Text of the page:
Now that they know there are more wintering piping plovers in the Bahamas, biologists are exploring ways to better protect the birds, including undertaking a collaborative effort led by the National Audubon Society to get critical Bahamian wintering sites designated as Important Bird Areas. "Now that we know some of the hot spots, we can get a better idea of local populations and what they're doing - whether they're stable or declining," said Spiegel. "These are areas that we now want to protect during the time that piping plovers are there. And that is something we can do with the cooperation of Bahamas National Trust and other local groups." Efforts will now focus on monitoring the local piping plover populations in the Bahamas, assessing threats and identifying ways to protect the birds. Potential threats to the birds include development, predation from feral cats and dogs and exotic vegetation that can destroy the bird's habitat.

"We're looking forward to partnering with the National Audubon Society and other organizations to develop a better understanding of the needs of the birds on the wintering habitats here," said Predensa Moore, Grants & Projects Administrator for the Bahamas National Trust. "Our ultimate goal is to develop a complete database on the full life cycle of this precious species and use it as a tool to teach people about coastal awareness and cleanup, removal of invasive plant and animal species and restoring and managing habitats."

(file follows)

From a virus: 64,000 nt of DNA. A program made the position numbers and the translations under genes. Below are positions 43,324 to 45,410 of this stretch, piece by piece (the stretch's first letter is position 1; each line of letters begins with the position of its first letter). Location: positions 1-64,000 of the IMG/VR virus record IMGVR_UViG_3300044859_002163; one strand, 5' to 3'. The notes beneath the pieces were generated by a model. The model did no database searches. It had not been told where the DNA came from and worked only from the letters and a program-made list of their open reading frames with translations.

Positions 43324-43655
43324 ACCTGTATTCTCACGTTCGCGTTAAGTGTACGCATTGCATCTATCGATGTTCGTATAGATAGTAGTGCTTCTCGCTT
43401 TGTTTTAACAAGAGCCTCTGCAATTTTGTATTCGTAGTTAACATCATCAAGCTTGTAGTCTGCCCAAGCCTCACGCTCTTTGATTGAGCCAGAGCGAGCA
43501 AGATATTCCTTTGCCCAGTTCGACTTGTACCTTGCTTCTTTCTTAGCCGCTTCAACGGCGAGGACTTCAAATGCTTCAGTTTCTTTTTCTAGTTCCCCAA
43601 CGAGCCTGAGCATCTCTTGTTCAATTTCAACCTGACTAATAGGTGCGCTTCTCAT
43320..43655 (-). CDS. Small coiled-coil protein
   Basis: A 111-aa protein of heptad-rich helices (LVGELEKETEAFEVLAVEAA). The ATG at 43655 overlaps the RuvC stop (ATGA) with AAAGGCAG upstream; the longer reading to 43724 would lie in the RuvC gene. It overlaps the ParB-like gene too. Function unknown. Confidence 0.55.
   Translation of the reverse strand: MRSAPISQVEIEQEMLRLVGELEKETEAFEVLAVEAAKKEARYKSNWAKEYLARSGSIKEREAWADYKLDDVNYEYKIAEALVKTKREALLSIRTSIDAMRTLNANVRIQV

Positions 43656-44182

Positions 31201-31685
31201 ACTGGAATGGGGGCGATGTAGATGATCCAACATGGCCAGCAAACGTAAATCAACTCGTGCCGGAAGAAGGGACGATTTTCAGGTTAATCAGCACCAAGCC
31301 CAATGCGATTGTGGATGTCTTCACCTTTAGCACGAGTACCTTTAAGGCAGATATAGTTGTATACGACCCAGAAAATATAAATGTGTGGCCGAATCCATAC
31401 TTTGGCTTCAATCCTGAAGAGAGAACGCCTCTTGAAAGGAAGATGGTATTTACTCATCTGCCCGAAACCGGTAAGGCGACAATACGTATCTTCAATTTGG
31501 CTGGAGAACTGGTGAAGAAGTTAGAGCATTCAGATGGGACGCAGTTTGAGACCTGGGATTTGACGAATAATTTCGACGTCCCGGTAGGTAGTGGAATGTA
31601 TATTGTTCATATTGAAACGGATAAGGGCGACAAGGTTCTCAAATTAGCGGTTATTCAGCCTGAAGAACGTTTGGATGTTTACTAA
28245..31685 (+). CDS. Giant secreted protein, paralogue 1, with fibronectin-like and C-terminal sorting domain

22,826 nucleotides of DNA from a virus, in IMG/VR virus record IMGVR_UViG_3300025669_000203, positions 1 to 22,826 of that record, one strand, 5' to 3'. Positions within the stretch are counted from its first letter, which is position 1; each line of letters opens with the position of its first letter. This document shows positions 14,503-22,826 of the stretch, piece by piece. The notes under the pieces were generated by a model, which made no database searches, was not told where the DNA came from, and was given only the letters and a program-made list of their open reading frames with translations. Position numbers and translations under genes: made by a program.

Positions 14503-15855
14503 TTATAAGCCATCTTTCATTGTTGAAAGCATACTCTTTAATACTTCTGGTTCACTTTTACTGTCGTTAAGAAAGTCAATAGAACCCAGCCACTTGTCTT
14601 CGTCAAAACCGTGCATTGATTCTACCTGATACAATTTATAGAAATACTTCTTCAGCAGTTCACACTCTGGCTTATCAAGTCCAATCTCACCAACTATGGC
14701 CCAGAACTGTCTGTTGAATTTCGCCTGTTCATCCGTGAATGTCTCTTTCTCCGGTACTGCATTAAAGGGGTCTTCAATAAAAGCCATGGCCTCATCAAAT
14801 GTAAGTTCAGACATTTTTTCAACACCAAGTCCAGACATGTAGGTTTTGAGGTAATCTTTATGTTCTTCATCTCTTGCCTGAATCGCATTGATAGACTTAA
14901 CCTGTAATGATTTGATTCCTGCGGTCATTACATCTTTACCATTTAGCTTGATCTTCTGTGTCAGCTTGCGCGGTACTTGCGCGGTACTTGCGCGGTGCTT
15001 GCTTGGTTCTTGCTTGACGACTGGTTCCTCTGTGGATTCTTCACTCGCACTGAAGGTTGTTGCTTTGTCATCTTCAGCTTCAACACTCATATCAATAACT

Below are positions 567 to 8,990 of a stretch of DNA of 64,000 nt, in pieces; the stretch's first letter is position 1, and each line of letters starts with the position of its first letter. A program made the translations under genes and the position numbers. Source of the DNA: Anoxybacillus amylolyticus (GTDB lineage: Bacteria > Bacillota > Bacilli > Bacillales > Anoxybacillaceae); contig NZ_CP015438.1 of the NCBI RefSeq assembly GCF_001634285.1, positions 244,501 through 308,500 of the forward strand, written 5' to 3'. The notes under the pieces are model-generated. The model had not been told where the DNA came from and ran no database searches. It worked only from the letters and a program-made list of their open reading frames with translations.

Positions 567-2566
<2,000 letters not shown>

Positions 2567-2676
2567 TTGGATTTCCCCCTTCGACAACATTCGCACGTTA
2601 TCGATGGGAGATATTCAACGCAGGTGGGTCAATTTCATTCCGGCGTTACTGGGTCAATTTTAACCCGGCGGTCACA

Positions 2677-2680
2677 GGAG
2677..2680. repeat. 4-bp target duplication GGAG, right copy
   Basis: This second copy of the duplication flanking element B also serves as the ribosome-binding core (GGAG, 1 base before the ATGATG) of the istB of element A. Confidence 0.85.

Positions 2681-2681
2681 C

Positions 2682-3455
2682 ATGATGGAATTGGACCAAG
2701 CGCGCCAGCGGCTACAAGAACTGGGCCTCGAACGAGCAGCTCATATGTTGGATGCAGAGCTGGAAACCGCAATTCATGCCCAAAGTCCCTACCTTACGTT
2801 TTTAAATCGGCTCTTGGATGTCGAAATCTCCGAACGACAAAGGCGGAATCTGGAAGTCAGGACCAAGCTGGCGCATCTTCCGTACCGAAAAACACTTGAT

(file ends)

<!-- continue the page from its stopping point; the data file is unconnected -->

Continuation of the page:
"The ultimate goal is conservation of the piping plover across habitats used throughout their life cycle, for their breeding grounds, migration and their winter habitat," said Elliott-Smith. For a species like this that has international distribution and is migratory, these international efforts and collaborations are essential to the conservation of the species. In addition to the piping plover, biologists counted the Wilson's plover and the snowy plover for the census. They also noted a surprisingly large number of other shorebird species in the census area.

"As a whole, we're all really amazed at how many wintering shorebirds were found," said Spiegel. "It really shows us that we need to pay more attention to the Bahamas as an important wintering area for shorebirds." Shorebirds can serve as a good indicator of the health of a coastal ecosystem. "They're very sensitive, so they are some of the first ones to be affected if something's not right in their environment," said Spiegel.

The piping plover survey illustrates the importance of collaborative shorebird conservation efforts across international boundaries. The Service's Migratory Birds Division is in the process of putting together an action plan for the entire Atlantic flyway to outline a number of things that scientists, wildlife managers and the public can do to protect shorebirds as a whole.

Story Update: In February 2012, sites that had the highest concentrations of wintering Piping Plovers during the 2011 Bahamas Plover Census will be resurveyed. The Service's Division of Migratory Birds will participate in this effort, led by the National Audubon Society in partnership with the Bahamas National Trust. The survey will identify critical wintering locations for the species in order for them to be considered for Important Bird Area status. This designation is afforded to areas of international biological significance, often leading to habitat protection.